George Douglas, 6th Batt, Gordon Highlanders
George Douglas , the youngest son of John and
Elizabeth Douglas, was born at Kirkhill, Kennethmont on 23rd October
1893. His father, a farm servant at Seggieden, died three years later.
During WW1 George enlisted in the 6th Battalion of the Gordon Highlanders
at Huntly. At that time his widowed
mother and her four sons were living at Craigton Cottage. All of them
were to join up with the Gordon Highlanders.
Alexander in 1st Batt, Gordon Highlanders was killed in action on the Somme
on 18th July 1916. He has no known
grave and is commemorated by name on The Theipval Memorial to the
It is known that George was in the France and Flanders theatre between 1st Jan 1916 and 1st March 1917. On the latter date the Gordon Highlanders service numbers were changed. George previously had the number 12273. The series of numbers 265001-290000 was allocated to 6th Gordons. This confirms that on 1st March 1917 George was with the 6th Battalion. At some point he was posted to the 5th Gordons and was injured with them at Cambrai on 21st Nov 1917 as a member of B Company. If a man moved between Territorial Force battalions in the same regiment he kept the new issue number.
This later picture of George was possibly taken around the end of 1916. It is known that at New Year 1917 he was receiving treatment for injuries at Southport Hospital. He must have recieved a " Blighty one " , an injury at Cambrai which saw him invalided back to the UK for treatment, before returning to the front again when he had fully recovered. If is likely he was posted (attached) to the 4th Gordons on his return to the Front.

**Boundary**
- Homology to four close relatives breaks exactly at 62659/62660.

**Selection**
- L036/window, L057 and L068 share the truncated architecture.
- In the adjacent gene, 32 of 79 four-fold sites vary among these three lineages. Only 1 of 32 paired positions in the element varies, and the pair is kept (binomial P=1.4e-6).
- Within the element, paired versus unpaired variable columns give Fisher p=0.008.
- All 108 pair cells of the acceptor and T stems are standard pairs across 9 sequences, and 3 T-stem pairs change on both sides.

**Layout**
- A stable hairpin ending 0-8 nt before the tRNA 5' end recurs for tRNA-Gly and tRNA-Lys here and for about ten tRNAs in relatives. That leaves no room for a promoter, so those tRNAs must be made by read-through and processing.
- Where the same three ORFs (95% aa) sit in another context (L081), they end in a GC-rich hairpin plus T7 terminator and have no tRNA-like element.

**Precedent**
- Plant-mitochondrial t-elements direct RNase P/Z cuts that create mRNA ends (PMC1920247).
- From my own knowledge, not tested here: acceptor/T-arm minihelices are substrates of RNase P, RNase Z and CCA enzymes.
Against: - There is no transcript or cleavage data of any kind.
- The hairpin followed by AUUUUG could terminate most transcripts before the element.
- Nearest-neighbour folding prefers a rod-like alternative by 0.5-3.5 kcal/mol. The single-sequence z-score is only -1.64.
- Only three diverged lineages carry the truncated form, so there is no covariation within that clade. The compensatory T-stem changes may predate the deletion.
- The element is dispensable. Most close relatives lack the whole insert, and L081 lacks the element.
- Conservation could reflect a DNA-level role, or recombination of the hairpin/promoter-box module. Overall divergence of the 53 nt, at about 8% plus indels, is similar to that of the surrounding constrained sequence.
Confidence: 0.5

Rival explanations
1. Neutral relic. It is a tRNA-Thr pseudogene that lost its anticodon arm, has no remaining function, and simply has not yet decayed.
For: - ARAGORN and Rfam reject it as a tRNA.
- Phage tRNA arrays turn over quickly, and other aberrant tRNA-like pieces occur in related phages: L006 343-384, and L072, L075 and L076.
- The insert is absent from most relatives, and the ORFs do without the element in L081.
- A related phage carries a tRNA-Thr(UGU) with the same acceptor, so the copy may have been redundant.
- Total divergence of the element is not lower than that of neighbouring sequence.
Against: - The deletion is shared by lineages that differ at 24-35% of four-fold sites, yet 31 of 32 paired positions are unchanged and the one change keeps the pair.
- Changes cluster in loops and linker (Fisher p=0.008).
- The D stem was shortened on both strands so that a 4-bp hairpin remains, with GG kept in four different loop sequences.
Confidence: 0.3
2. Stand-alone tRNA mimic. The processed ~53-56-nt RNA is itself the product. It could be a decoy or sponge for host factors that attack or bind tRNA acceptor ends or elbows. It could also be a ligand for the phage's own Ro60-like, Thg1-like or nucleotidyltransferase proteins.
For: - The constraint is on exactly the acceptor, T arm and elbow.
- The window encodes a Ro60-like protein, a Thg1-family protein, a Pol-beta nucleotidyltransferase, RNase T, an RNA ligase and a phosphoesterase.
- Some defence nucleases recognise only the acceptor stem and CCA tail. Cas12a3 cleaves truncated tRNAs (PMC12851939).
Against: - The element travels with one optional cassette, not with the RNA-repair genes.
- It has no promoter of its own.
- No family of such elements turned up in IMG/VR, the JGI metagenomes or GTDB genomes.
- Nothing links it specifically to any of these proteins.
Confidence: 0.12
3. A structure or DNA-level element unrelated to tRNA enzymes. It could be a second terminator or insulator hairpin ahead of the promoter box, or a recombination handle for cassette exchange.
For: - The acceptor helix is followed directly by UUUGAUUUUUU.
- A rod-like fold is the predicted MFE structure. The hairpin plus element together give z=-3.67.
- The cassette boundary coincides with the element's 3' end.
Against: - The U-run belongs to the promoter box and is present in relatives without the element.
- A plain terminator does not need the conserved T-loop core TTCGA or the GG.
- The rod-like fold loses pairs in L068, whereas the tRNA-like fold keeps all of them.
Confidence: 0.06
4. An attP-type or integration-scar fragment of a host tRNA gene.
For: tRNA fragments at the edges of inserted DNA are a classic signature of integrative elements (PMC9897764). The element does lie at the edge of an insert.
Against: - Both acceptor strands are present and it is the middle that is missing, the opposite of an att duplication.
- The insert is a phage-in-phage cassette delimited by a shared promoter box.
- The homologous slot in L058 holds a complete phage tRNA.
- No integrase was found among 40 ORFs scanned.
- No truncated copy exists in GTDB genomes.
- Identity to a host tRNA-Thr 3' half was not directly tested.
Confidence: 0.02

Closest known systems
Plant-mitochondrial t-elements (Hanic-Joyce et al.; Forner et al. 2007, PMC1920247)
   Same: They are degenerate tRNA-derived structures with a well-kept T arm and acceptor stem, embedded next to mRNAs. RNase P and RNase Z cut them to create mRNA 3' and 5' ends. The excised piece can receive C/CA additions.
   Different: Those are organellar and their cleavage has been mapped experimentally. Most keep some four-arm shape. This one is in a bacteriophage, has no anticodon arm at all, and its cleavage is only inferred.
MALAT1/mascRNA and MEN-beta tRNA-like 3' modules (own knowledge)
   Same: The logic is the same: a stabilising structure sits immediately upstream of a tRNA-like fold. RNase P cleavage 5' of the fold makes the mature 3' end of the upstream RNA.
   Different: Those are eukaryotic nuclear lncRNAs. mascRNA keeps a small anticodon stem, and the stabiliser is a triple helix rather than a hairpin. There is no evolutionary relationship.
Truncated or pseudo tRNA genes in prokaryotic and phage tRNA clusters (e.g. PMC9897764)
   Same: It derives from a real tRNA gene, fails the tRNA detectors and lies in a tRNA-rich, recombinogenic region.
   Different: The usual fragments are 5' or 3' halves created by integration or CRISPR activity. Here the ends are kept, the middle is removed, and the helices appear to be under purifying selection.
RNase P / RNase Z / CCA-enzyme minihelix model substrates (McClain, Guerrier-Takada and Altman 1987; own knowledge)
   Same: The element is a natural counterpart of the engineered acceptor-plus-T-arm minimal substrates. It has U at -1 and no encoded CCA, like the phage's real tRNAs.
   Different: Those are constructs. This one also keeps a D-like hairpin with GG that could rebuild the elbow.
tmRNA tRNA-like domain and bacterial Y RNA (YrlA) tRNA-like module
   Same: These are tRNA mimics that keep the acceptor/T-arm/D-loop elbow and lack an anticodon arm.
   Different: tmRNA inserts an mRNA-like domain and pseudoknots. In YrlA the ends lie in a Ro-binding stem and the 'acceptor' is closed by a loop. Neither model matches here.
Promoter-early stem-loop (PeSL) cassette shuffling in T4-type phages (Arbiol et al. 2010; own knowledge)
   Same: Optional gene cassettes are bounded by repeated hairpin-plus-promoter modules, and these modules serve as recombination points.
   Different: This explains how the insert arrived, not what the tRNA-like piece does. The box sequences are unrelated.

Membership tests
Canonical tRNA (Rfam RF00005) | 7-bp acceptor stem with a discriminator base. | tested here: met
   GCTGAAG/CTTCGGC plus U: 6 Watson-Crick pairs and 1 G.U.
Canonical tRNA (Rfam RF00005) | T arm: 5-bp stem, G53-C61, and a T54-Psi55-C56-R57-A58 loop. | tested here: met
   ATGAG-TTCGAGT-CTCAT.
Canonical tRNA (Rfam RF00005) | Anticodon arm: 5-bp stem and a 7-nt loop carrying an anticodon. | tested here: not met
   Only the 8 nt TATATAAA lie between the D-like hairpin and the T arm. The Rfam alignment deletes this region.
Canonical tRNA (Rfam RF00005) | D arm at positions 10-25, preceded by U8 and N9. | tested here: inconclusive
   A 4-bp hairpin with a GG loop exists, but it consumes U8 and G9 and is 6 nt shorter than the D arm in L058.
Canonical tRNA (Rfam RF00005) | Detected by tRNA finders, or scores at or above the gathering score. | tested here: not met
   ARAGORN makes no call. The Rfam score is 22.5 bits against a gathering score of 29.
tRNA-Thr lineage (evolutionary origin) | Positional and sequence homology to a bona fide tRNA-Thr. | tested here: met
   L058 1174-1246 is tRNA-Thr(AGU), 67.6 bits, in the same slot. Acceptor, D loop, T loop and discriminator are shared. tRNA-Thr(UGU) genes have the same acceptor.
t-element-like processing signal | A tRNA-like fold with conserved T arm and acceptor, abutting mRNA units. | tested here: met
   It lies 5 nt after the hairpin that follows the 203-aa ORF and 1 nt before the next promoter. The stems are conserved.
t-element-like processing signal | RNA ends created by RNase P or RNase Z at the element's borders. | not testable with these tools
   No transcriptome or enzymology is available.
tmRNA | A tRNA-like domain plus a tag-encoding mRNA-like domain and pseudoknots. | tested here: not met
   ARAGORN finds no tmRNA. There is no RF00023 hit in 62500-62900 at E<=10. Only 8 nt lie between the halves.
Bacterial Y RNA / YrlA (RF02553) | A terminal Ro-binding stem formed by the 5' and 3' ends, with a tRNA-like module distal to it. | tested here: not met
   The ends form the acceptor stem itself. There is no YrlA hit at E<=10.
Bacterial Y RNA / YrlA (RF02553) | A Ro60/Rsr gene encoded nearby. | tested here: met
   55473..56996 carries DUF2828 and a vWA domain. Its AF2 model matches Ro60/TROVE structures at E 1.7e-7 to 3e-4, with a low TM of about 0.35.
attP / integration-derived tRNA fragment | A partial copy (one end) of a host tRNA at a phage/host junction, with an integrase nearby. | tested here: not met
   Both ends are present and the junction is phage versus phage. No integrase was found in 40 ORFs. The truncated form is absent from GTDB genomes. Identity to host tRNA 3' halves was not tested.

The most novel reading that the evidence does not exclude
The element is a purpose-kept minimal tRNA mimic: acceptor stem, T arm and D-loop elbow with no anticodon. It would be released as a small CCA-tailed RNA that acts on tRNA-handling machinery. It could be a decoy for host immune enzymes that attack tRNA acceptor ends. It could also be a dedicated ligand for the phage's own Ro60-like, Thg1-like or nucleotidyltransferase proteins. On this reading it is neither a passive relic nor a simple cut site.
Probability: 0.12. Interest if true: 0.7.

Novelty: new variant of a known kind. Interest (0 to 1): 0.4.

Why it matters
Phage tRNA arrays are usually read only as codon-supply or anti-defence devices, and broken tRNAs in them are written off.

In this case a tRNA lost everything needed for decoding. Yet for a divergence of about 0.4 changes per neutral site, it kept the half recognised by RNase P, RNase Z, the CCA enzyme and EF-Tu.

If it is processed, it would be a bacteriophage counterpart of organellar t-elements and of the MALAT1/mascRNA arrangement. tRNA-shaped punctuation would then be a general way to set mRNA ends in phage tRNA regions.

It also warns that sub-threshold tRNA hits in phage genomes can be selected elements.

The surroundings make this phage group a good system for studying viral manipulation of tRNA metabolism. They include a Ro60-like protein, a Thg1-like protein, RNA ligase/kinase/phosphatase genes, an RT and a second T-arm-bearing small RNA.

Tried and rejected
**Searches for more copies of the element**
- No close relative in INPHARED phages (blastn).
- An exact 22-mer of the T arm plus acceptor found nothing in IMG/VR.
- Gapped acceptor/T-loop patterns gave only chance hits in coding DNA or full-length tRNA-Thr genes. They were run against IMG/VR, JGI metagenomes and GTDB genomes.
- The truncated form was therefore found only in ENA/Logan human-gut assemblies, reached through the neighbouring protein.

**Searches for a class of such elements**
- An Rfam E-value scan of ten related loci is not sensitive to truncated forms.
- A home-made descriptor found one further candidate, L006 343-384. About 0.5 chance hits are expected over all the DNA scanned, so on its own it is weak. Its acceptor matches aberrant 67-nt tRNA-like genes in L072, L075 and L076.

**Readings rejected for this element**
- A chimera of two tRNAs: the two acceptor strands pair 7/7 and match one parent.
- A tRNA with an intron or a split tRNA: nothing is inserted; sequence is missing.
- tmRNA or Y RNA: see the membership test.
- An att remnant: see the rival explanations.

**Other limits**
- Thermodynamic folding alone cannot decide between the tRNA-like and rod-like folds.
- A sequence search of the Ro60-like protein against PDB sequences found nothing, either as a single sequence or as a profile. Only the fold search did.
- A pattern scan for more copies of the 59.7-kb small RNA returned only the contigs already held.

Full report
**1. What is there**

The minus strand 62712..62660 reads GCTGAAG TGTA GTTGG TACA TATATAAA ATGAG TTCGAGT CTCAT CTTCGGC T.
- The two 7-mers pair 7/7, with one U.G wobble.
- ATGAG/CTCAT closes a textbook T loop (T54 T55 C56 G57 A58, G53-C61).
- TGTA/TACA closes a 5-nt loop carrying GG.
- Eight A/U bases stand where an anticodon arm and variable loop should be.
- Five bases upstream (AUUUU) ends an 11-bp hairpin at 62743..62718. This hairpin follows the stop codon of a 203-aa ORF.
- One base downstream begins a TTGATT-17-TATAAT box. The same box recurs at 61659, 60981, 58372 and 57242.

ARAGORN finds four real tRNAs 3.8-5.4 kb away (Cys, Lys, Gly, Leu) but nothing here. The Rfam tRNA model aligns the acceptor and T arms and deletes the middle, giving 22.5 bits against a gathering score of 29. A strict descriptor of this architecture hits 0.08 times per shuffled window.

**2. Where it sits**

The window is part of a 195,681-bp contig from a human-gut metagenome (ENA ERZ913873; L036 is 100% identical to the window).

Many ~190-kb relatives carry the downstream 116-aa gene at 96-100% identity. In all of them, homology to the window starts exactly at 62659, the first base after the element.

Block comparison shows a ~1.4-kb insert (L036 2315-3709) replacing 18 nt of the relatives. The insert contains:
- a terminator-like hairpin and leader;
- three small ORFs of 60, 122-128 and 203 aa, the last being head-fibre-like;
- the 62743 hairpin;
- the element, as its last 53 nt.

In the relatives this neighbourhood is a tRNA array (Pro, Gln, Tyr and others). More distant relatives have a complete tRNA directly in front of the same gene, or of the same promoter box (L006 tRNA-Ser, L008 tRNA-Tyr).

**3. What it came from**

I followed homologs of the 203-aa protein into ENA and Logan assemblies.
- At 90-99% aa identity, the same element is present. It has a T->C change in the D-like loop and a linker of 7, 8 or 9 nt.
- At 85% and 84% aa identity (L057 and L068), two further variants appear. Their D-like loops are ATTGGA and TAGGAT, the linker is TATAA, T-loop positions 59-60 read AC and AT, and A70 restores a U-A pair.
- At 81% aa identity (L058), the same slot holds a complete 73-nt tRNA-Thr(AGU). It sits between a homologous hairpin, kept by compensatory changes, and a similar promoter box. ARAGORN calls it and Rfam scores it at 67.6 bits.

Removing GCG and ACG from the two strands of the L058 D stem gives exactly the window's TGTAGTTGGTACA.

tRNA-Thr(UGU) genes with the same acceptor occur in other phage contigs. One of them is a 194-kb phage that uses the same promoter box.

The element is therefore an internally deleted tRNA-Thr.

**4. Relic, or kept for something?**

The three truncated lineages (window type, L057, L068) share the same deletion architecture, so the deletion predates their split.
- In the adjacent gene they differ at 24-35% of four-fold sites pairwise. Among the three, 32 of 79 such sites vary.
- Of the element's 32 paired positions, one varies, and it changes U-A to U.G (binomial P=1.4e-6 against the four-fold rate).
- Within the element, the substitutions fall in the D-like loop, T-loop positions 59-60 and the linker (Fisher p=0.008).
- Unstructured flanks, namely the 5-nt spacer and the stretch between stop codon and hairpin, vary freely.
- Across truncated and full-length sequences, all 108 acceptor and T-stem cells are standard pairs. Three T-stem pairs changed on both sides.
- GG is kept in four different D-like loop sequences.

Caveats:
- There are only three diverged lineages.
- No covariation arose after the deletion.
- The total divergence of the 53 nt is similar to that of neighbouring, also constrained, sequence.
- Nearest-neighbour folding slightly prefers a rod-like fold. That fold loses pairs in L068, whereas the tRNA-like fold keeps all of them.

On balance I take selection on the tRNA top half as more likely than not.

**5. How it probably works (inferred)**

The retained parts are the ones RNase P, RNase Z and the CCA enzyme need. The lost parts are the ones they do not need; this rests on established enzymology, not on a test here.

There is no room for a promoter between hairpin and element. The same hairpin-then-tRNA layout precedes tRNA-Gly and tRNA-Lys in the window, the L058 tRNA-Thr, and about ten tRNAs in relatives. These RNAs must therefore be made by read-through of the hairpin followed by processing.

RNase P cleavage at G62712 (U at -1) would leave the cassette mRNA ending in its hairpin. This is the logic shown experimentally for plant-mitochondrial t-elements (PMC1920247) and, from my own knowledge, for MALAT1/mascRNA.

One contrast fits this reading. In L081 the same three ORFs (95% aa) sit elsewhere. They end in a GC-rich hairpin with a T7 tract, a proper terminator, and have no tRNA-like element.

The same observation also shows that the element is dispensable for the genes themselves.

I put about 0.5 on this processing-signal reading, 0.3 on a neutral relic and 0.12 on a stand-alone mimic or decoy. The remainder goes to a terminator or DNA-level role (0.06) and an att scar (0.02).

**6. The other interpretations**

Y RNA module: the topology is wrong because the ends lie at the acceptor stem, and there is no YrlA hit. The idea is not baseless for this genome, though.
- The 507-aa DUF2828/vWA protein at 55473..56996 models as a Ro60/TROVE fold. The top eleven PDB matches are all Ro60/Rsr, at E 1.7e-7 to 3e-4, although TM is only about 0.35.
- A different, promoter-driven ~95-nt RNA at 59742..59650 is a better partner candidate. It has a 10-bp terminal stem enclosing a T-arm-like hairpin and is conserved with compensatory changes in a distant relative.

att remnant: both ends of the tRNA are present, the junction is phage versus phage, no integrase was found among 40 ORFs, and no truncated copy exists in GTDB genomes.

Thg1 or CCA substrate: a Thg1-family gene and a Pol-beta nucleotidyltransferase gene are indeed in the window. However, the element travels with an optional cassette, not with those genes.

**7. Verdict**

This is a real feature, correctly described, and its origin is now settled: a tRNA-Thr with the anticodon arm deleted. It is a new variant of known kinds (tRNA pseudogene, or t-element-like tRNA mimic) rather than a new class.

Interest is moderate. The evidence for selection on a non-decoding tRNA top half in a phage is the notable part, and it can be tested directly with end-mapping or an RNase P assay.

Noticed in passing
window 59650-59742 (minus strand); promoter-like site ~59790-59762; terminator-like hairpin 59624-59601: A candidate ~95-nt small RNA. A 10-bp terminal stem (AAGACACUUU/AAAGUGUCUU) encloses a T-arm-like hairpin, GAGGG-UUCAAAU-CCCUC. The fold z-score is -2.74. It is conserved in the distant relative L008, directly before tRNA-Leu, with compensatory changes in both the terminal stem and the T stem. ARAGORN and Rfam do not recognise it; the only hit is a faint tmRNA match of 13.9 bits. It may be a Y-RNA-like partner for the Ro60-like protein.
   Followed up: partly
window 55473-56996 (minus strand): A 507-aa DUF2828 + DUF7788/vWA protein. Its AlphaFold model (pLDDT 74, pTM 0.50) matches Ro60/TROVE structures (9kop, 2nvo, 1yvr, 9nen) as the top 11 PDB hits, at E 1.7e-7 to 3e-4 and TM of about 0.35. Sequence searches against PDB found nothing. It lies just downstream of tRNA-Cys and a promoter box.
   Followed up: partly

Around the time of his death, from wounds received
in action, George's battalion were involved
in the Battles in the area of the River Lys, 9th-29th April 1918.
The Germans made considerable advances in Flanders in an attempt to
gain the important rail junction of Hazebrouck and then on to the
Channel ports. This coincided with the German Spring Offensive further
south when they overran the former battlefields of the Somme.
George Douglas is buried in the
Allied Extension of Tournai Communal
Cemetery. Tournai was occupied by the Germans from the beginning
of the war until it was liberated on 8th November 1918. Although it
was later extended by relocated burials from a wide area round Tournai
it is likely that George died in the Hopital Notre-Dame in the town.
It is known that sick and wounded British Prisoners of War were nursed
there and burials made in this cemetery.
The Douglas family headstone in Kennethont (Old) Kirkyard
~~~~ George died Belgium 23rd April 1918 ~~~~
The Douglas family grave with the Kennethmont WW1 memorial in the background